Because so far, we've just looked at the phenomenon from one angle. And LGBTQ persons can have more than just one identity. There are persons in the community who do not identify with the two gender binaries; so one of our measures - which is in our National Strategy, as well - is to enhance more awareness, when it comes to reporting discrimination.  

This is being done in conjunction with the NCP; and we are also working closely with both private and public sectors. We are currently having discussions with the Chamber of Commerce, for example, for them to set up an LGBTQ-specific Forum, which can serve as both a support-structure for the private sector, and also as an advisory body.  

Another thing that we are aiming to do, over the next five years, is to enhance the legal recognition of persons who do not identify with the two gender binaries. A few months ago, we had a discussion with non-binary persons, to find out what their experiences actually are; and to see what they themselves consider to be the major issues.  

Some of the things they told us – like, for instance, what they would like to see on their ID documents - might not even require any changes to the law, at all. It could simply be a policy that needs tweaking.  

But if we do not hear from the community itself, we might risk ending up with legislation that does not even apply to them, at all.  

One major complaint often levelled at Malta is that – while our domestic laws respect the principle of equality – this is not reflected in the way we treat refugees, and asylum seekers. Malta currently considers eight countries that criminalise homosexuality as ‘safe countries’ where failed asylum seekers can be sent back. Moreover, LGBTQ asylum seekers may even face persecution, within open and closed centres. How do you respond do that criticism? What measures are in place, to protect vulnerable asylum seekers – especially, non-binary – from being deported to unsafe destinations? 

The International Protection Agency has a protocol in place, that provides guidelines for professionals in the sector on how to treat LGBTQ persons who are claiming asylum: immediately upon their arrival, and before they even submit an application. This protocol is adhered to across the board, even in reception centres; and AWAS professionals are also present during the process.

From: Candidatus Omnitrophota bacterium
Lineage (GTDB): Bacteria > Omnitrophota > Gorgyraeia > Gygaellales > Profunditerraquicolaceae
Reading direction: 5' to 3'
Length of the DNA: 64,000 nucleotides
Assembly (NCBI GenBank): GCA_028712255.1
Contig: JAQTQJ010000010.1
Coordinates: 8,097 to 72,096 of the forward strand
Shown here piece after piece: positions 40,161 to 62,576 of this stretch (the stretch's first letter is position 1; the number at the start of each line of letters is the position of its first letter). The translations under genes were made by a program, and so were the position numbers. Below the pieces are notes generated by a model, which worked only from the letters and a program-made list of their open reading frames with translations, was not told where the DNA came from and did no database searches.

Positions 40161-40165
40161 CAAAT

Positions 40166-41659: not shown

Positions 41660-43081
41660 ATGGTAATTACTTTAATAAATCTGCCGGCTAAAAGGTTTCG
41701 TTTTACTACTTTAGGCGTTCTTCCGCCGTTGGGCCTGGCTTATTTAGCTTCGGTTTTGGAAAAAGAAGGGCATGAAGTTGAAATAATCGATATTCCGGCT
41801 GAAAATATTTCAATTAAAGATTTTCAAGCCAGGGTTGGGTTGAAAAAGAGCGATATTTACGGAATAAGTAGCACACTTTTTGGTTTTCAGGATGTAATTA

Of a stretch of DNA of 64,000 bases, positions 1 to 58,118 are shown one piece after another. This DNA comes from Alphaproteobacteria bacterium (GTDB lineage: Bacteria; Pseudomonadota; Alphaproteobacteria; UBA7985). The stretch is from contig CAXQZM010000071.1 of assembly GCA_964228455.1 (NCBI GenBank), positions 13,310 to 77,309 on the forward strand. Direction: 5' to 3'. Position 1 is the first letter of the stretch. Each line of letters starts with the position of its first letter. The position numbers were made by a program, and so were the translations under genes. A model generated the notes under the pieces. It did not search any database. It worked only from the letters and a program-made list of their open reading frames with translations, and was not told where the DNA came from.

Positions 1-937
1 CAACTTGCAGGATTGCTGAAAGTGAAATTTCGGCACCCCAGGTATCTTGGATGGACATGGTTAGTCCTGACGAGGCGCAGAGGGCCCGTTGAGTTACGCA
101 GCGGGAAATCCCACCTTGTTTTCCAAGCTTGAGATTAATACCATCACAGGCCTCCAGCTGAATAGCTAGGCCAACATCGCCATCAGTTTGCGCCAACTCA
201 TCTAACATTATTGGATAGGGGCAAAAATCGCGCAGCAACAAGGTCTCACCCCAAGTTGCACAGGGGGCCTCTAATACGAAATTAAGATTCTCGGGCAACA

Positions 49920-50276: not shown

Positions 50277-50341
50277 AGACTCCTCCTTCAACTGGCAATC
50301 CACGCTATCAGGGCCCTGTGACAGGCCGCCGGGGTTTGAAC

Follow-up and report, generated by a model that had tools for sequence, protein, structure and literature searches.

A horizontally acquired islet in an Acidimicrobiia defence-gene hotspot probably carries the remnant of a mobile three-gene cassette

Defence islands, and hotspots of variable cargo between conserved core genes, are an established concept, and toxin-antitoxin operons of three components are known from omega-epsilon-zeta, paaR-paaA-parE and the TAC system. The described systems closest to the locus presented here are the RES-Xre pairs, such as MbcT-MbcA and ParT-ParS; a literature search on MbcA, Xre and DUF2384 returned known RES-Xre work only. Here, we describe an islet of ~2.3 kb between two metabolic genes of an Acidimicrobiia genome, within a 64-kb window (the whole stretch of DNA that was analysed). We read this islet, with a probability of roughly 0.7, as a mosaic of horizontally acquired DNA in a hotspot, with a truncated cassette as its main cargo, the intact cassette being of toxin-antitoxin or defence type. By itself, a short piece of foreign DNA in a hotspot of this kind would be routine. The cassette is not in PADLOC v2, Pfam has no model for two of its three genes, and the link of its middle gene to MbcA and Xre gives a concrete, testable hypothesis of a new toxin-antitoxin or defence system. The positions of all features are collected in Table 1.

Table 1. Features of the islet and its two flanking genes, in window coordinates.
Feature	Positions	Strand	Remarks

LGBTQ persons are also housed differently, depending on their needs. So there is an awareness raising campaign going on; there is a protocol in place, which also means that asylum seekers do not have to undertake certain demeaning practices, to prove that they are LGBTQ... as was standard practice in all European countries, until recently.  

However: what we need to emphasize on more, I think, is the plight of persons who come from a different culture; and who have never spoken to anyone about their identity, before. In such cases, it's very difficult for them to trust institutions, when their own backgrounds are so vastly different from ours. So that's where we need to invest more: in awareness training, to help those persons to be able to open up, before the asylum process begins.  

In fact, the SOGIGESC Unit [Sexual Orientation, Gender Identity, Gender Expression and Sex Characteristics Unit], within the Human Rights Directorate, has issued a leaflet – published in the six primary languages used by migrants – containing information about Maltas LGBT IQ legislation; and the asylum procedures, in general. It's being distributed to anyone who is in the process of applying for asylum; or is currently residing at the reception centres... 

That all sound very reassuring: but what about the issue of deporting LGBTQ asylum seekers, to ‘safe countries’ which they may be actually be imprisoned, or worse?   

More needs to be done, certainly.  I am, however, informed that just this past week, there was a person coming from this list of safe countries, who was granted asylum... 

But the issue concerns failed applicants, not successful ones... 

I cannot go into all the details, because I’m not one of the professionals involved. But what I think we really need to do is - from our end, when it comes to equality and human rights - is work more on awareness training.  

Because that, I believe, is where the real barriers exist. When we are talking about persons who, as I said before, come from a different background; and have an inherent distrust in institutions... it's very difficult for them to open up... 

... and if I’m understanding you correctly: if they don’t open up, they won’t qualify for asylum in the first place. Right? 

Basically. So what we need to do, from our end, is ensure that those people feel safe enough to be able to disclose their identity; whilst also balancing that the very difficult act, of having a just and fair immigration system.  

And yes: a lot more work needs to be done, on that front...